“There’s no need for that, Bob. I’ll get out there and look for the old boy.”
“You do that.”
Hillbilly Bob watched as the Sheriff sullenly walked out of the whorehouse. He waited to see if the Sheriff would come back in once he thought Bob had got a girl. He didn’t. Bob went off in search of Suzy.
He didn’t have to go far. On the couch, in the center of the room, sat a beautiful red-haired lady. Her skin was pale, her eyes a deep green. Bob stopped and stared at her. She looked at him, not in a lustful way, but in a way that sent shivers down Bob’s spine.
She knew what Bob was, and she was not afraid of him. He walked over and sat beside her.
“Yeah, I figured. I’m looking for Ned Watkins.”
“I haven’t seen him, Bob.”
“You’re his girl, aren’t you?”
Suzy turned to Bob, her green eyes pierced Bob’s. Her full lips pulled back into a snarky grin, as if to say, “yeah, right.”
“Do I strike you as the kind of woman who knocks boots with a louse like Ned Watkins?”
“I would hope not.”
“If you see him, would you have him call me at this number?”
Suzy looked at the card and then plucked it from Bob’s massive fingers.
“Thank you, Suzy.”
“You’re welcome, Bob.”
Halfway back to town Bob’s cellphone rang. It was Sheriff Salmon. Bob kept one eye on the road and pressed the green button on his screen.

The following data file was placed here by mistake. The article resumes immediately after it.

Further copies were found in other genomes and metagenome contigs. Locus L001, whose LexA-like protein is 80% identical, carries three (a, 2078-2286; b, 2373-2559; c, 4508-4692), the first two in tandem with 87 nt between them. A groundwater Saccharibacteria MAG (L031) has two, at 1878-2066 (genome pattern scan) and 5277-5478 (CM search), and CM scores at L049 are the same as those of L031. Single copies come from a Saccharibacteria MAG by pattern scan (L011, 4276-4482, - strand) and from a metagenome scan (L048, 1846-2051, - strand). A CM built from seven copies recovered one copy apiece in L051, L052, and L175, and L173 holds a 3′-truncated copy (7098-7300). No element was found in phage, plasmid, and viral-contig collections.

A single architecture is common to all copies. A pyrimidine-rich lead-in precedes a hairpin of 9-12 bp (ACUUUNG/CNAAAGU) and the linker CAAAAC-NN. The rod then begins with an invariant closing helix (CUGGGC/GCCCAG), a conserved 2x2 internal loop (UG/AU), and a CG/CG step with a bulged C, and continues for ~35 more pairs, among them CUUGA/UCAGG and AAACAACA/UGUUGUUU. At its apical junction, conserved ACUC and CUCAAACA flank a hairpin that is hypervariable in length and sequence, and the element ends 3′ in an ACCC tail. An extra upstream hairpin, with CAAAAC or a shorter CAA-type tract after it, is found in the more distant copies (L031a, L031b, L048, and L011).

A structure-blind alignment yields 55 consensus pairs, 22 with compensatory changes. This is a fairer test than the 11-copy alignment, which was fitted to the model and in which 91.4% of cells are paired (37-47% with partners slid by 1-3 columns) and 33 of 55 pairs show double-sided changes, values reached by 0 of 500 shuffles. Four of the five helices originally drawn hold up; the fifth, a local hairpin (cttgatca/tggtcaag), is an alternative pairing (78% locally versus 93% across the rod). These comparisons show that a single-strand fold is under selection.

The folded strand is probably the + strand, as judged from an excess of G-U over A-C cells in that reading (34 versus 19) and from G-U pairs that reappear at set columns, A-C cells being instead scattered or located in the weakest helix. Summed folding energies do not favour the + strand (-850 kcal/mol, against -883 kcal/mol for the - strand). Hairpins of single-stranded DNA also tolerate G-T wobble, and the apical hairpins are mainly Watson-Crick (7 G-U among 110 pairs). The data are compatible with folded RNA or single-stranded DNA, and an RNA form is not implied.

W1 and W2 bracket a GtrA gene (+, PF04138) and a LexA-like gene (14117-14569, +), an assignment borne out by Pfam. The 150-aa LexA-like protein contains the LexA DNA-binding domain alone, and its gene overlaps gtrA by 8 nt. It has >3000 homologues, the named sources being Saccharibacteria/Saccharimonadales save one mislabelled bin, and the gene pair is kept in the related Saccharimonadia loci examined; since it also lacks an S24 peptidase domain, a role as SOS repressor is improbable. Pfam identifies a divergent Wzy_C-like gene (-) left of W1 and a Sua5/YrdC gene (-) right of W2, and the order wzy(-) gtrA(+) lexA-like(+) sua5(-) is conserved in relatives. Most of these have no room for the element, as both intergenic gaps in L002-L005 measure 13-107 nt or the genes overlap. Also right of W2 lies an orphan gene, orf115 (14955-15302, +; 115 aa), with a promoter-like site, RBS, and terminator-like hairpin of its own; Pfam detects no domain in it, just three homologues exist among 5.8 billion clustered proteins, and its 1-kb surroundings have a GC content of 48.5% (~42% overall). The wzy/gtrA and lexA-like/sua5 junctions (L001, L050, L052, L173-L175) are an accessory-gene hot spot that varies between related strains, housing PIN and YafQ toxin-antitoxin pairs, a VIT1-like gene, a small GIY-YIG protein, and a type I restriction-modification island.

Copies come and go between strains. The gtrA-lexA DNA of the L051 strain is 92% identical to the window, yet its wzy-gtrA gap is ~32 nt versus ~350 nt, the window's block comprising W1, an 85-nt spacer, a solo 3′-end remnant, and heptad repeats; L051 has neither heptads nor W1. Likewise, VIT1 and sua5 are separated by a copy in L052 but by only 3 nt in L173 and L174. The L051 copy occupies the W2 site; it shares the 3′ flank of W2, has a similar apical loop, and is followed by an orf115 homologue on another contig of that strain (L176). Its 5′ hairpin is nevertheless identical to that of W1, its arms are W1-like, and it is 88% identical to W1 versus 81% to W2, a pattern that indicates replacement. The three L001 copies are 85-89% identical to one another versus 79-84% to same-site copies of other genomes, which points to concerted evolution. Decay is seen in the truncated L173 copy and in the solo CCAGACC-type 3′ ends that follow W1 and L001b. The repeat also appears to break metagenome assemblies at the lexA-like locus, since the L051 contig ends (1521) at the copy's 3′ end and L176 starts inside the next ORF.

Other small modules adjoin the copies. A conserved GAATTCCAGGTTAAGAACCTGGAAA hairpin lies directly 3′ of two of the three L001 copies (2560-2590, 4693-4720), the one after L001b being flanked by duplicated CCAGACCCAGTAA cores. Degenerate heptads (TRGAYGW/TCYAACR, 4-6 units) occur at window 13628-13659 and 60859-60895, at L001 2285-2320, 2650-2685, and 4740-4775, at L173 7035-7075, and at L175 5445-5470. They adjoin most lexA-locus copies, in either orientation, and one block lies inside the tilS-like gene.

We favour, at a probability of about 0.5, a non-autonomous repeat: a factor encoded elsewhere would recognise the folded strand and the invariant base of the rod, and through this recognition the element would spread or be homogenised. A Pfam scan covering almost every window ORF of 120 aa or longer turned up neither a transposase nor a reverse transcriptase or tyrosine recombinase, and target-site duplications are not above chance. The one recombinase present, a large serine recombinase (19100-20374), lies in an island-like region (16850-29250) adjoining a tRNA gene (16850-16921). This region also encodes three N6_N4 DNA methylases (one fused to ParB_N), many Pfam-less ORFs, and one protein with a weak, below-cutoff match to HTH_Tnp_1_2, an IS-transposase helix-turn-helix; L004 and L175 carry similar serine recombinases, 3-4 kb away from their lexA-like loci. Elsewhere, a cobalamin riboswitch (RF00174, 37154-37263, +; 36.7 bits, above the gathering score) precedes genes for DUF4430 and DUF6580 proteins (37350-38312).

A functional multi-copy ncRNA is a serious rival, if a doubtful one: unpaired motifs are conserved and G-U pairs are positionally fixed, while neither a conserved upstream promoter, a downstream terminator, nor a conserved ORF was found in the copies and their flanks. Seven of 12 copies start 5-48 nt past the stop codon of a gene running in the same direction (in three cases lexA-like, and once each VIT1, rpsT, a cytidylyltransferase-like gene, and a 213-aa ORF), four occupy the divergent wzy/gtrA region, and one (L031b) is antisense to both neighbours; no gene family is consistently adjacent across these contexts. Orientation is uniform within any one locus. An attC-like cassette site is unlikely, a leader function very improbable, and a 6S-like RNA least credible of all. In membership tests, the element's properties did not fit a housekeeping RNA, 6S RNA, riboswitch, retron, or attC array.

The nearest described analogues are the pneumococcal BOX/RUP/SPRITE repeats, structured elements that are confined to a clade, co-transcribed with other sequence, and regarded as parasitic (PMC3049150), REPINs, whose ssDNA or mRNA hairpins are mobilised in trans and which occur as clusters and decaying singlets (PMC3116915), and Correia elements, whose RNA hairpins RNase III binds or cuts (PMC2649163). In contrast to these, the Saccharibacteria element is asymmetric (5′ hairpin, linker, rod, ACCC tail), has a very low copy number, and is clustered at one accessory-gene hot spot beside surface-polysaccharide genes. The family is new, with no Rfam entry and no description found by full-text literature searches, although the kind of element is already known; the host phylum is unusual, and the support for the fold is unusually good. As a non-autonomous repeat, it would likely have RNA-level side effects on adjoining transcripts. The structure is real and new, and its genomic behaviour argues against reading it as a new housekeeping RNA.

“We’ve found Ned Watkins. You ain’t gonna like it.”
“He’s dead. Got himself shot in the head.”
“Fine. Do your job, keep us informed. Don’t make me come find you no more, or you’re going to get a bullet to the head. You dig?”
“Yeah, Bob. I got it.”
Bob drove back to town and walked into The Hollowing Hollow. Smiley Jack was leaned back into the thick, soft cushions of the couch. He smiled when he saw Bob.
“You find him?”
“Salmon did. Watkins is dead. Shot in the head.”
“Bob, who would shoot Watkins?”
“I would. Never did care that piece of garbage.”
“Did you shoot him, Bob?”
“Besides you, who would do it?”
“A family member, maybe. A friend. Someone who didn’t like Ned Watkins.”
“Find out who and give them the treatment they gave poor Ned.”
“And Bob, I never cared for Ned Watkins either. Still, he worked for me, so try to show a little sympathy, yeah?”
“Thank you, Bob.”